Hopes of increased shipbreaking activities bringing about a semblance of balance between limited demand and over supply of shipping tonnage are not likely to hold good for long as the industry in the sub-continent, considered to be world's largest region for shipbreaking, is fighting a battle amidst low demand and declining prices of steel.
"The situation is rather tight given the disparity in prices that are prevailing in local and foreign markets," said Vishnu Gupta , president of Alangbased Ship Recycling Industry Association .
Considering the many factors that determine the performance of the industry, Mr Gupta is not optimistic about the shipbreaking sector coming to the rescue of shipping industry by absorbing some of the extra tonnage that it is saddled with due to heavy influx of newbuildings.
Local markets in the Indian sub-continent continued their descent to coincide with the monsoon and an enormous over supply of vessels, the sales board showed a marked sign of slowdown, noted a recent recycling market commentary by Global Marketing Systems , Inc (GMS). Demolition data of tankers and bulk vessels globally seems to paint a different picture, however.
The year so far has reported a record year for dry bulk carrier demolition. According to Braemar market insight, during Jan-May 2011, 13.6M DWT of bulkers have been scrapped, including 7.1M DWT of Capesize (over 120k DWT) bulkers. If scrapping continues at this pace for the balance of 2011, it could reach 32.6M DWT, more than three times the previous record set in 2009.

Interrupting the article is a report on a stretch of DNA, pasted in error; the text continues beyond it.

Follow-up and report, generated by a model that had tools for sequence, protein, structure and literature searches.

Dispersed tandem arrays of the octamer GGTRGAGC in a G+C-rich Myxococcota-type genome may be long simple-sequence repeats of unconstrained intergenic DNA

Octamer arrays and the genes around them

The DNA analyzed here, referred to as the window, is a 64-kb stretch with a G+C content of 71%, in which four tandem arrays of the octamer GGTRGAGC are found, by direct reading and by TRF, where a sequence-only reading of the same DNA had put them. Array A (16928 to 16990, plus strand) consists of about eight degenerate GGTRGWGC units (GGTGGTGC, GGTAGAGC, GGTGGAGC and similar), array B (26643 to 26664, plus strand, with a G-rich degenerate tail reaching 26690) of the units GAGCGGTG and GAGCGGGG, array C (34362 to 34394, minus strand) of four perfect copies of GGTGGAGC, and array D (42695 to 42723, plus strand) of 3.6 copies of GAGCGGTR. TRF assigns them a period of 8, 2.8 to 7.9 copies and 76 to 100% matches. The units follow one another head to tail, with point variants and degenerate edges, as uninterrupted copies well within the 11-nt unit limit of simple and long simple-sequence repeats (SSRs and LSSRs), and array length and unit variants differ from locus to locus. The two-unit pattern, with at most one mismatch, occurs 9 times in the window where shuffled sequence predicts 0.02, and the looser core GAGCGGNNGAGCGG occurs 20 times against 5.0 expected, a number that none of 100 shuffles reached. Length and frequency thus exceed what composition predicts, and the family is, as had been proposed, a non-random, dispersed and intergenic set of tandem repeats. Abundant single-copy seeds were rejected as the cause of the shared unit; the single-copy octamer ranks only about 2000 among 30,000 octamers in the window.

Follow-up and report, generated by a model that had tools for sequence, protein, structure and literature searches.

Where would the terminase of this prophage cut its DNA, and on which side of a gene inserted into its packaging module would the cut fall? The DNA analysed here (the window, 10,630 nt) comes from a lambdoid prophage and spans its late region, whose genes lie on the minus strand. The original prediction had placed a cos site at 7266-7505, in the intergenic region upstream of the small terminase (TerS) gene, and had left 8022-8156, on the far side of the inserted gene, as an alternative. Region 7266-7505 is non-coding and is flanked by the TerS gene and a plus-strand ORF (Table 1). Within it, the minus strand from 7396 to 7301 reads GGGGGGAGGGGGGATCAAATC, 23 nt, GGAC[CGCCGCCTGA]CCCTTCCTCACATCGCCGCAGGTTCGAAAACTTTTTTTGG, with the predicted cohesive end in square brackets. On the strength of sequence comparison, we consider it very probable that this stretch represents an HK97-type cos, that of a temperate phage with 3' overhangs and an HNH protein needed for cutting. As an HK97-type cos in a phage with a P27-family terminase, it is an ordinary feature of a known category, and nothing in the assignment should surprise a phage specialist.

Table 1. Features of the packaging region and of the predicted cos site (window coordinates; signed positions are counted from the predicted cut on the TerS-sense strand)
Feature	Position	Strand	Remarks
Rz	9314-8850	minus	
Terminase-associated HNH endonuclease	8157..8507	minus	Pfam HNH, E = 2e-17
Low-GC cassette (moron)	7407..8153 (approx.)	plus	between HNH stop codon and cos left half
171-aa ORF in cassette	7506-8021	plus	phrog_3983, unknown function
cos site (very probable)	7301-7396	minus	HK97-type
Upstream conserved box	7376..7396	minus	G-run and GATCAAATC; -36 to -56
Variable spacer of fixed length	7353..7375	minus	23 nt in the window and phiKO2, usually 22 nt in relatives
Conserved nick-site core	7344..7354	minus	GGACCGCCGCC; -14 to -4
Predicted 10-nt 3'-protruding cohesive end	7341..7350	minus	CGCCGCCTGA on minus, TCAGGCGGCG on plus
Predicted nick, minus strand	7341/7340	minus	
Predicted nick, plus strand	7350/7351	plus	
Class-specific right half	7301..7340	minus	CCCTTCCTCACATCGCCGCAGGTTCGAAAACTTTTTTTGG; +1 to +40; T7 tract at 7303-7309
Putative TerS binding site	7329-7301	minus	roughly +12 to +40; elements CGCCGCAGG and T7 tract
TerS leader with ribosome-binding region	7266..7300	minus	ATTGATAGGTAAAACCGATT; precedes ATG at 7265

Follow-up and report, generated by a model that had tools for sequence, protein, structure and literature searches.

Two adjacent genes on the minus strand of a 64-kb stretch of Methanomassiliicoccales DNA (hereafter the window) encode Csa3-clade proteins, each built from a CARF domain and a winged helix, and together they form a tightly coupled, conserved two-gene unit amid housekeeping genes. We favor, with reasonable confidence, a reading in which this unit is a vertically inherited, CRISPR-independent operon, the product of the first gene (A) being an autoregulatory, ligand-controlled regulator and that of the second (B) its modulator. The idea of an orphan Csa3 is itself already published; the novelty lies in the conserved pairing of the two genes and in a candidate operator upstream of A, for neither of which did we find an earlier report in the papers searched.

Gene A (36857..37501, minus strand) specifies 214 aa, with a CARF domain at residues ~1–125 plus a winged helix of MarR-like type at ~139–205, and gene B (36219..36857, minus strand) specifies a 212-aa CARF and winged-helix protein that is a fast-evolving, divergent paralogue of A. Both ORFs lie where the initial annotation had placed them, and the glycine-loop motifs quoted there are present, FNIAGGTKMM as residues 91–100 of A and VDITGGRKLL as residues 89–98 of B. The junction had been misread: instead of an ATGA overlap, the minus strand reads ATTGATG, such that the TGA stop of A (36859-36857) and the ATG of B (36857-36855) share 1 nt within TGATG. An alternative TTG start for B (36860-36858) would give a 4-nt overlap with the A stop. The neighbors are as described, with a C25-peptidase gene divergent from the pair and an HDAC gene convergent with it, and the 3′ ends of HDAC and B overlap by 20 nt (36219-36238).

"The current rate of demolition of bulkers might offer a ray of hope in the freight markets, but this year deliveries are already outweighing scrapping by almost three to one. In Jan-May, 36.3M DWT of bulkers delivered, including 20.5M DWT of bulkers over 85K DWT. If deliveries continue at this rate for the balance of 2011, they will total over 87M DWT for the year," noted the insight. With annualised bulk carrier fleet growth based on Jan-May deliveries and demolition in the range of 10%, oversupply is expected to be an agenda for some time to come for shipping companies.
Too many ships are also troubling the tanker segment. The relative health of the freight market in 2008 had led owners to order far too many new ships, which have now started hitting the water, even as the idled very large crude carriers are returning to trading. This combination has started hitting the sector very badly.
Source: The Economic Times. 27 June 2011